Have you ever experienced coffee grind that is too coarse? What happens if the grind is too coarse? Does it make your coffee stronger or weaker? Assuming you've selected a manual grinder but have no idea what grind to go for, what should you aim for?
Before you chuck that pot of coffee, let's learn more about the different coffee grind sizes. Feel free to keep reading our blog article below!
7 Categories of Coffee Grind Sizes
Coffee grind sizes can generally be categorised into seven different categories. These categories include:
Extra Coarse - These are the largest-sized coffee particles, resembling peppercorns in appearance.
Coarse - It resembles kosher salt in consistency and is only a little bit finer than extra coarse.
Medium Coarse - If you look closely at a scoop of medium coarse grounds, you'll see that it resembles sand in texture.
Medium - Typically found in regular drip coffee, it looks like sea salt.
Medium Fine - The grind size for medium fine coffee is a good compromise between the sizes required for espresso and drip coffee.
Fine - Typically used to make espressos and comes as a standard grind size in pre-ground coffee containers. It is similar to table salt in consistency.
Super Fine - This is superfine or extra fine, resembling powdered sugar in consistency. It's used to make Turkish coffee.
4 Things That Happen If the Coffee Grind Is Too Coarse
If your coffee grind is too coarse, there are a few implications that come with this. A few examples of these include the following:
1). Reduced Flavour
When the coffee grind is too coarse, flavour extraction is lower, which leads to a watery, sour flavour that lacks complexity or the earthy richness that coffee enthusiasts love.
This is because the less ground the coffee is, the lower the surface area coming into contact with water, and the lower the extraction. On the flip side, the more ground the beans are, the finer the texture, hence the higher the surface area, meaning higher extraction.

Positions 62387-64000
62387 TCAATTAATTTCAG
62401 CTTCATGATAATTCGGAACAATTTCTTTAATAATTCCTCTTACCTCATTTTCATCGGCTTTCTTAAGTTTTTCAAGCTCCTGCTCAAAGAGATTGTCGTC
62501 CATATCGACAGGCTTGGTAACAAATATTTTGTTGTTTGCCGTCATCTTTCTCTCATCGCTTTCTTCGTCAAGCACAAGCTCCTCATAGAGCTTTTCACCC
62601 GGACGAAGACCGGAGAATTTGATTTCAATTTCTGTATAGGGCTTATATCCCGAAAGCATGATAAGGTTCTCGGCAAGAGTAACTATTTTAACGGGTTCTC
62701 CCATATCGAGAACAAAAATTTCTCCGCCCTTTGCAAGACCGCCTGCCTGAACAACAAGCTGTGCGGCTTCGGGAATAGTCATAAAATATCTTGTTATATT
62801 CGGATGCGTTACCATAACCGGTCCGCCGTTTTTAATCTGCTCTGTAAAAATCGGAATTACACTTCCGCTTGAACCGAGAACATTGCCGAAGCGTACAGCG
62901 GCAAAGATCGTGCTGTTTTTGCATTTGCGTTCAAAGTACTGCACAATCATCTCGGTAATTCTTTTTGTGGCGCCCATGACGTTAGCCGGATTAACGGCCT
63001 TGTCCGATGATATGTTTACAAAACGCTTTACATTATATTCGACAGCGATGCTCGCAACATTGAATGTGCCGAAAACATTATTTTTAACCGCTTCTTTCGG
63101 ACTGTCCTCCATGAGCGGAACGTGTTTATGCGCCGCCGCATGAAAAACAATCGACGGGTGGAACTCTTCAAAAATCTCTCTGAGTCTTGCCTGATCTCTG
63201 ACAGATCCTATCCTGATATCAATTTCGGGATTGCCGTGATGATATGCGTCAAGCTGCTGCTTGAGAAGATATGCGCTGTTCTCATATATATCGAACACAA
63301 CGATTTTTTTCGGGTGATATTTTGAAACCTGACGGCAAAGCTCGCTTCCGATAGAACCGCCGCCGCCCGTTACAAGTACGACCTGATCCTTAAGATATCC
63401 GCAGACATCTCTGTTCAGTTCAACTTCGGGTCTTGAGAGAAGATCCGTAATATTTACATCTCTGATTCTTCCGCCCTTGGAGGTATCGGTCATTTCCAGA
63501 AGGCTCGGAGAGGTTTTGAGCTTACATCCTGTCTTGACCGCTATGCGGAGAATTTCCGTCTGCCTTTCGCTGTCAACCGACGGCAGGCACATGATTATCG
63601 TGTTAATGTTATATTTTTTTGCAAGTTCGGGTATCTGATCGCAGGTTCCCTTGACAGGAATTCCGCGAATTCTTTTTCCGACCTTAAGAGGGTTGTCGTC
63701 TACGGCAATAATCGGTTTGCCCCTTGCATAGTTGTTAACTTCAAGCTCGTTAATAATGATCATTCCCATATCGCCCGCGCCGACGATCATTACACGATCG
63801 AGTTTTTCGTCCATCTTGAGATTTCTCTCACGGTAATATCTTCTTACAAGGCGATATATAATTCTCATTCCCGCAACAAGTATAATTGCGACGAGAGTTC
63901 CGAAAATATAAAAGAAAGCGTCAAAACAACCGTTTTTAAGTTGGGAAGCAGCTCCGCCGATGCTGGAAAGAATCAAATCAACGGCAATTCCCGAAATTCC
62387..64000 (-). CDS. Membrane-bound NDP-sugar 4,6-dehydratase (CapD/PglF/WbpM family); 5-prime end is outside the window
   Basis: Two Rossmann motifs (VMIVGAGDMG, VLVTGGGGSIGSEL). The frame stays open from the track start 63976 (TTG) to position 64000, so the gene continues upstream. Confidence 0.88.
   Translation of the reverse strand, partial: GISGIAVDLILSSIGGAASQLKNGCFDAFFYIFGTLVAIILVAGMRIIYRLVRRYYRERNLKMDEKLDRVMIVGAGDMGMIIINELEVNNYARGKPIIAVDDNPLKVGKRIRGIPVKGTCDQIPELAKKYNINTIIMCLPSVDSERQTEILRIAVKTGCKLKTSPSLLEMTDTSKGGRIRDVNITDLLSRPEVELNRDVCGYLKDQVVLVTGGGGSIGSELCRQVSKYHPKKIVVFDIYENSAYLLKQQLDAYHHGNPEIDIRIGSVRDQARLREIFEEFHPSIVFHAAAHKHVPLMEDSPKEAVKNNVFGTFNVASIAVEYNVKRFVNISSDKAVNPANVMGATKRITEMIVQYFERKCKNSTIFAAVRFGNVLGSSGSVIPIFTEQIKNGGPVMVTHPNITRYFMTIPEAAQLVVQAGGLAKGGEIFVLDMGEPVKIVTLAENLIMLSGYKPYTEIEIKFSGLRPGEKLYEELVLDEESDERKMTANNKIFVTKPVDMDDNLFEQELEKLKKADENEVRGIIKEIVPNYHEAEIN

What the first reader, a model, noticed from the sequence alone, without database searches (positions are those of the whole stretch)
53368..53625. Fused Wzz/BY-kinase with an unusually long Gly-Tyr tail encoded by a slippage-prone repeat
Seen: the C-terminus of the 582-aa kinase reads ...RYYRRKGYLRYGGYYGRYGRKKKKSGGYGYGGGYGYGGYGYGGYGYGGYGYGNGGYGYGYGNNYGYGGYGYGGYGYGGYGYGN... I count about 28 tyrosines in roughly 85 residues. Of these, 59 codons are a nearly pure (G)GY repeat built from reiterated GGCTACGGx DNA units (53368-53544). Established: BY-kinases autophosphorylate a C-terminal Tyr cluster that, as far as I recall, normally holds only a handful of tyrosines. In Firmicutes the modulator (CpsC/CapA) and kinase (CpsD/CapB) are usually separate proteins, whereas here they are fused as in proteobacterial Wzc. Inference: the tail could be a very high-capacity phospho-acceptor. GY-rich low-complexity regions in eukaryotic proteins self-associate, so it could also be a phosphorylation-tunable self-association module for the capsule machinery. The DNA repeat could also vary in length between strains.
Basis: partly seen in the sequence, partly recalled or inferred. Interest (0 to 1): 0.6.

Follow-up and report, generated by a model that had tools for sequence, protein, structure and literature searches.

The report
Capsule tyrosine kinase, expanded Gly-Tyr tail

2). More Extraction Time
As previously described, coarse grinds have a lower surface area coming into contact with water. This means that if you want more flavour, you've got to take a longer time to fully extract the flavour. Be prepared to brew longer and push harder to enjoy the complexity and sweetness of coarse ground coffee!
3). Sour Taste
Coffee, besides its rich flavour, has bitter oils and acids that typically dissolve in water. Unfortunately, when using a coarse grind, it has less flavour and can turn the taste sour, acidic, or salty.
4). Coffee Sediments
If your coffee grind is too coarse, it will create a gritty texture in your brew. This result will turn out more like a pot of strong tea than a hot cup of joe. That's because the coarser the grind, the thicker and more sediment-like your brewed coffee will be.
What Does All This Mean for You?
The best thing is that most home machines don't require precision. Even better, no single grind tastes great to everyone. It all depends on the specific coffee beverage you like.
For example, if you like espresso, fine ground coffee is the way to go. On the other hand, cold brew coffee needs an extra course grind. With that said, take time to experiment with grind size, water temperature, and brew time, bearing in mind that the finer the grind, the more the extraction.
Pesado Coffee-Making Equipment
If you're new to the world of coffee, you may find it hard to grasp all the details that come with brewing the perfect cup of coffee. There are so many factors that influence each cup, such as texture and taste, which rely heavily on tools.
Pesado 58.5 has got innumerable equipment, tools, and resources that may be used to make everything from cold brew to espresso. Whether it's brewing, grinding, storage, or roasting tools you need, we've got it all.
Please contact us today on (07) 5625 7786 or shop below: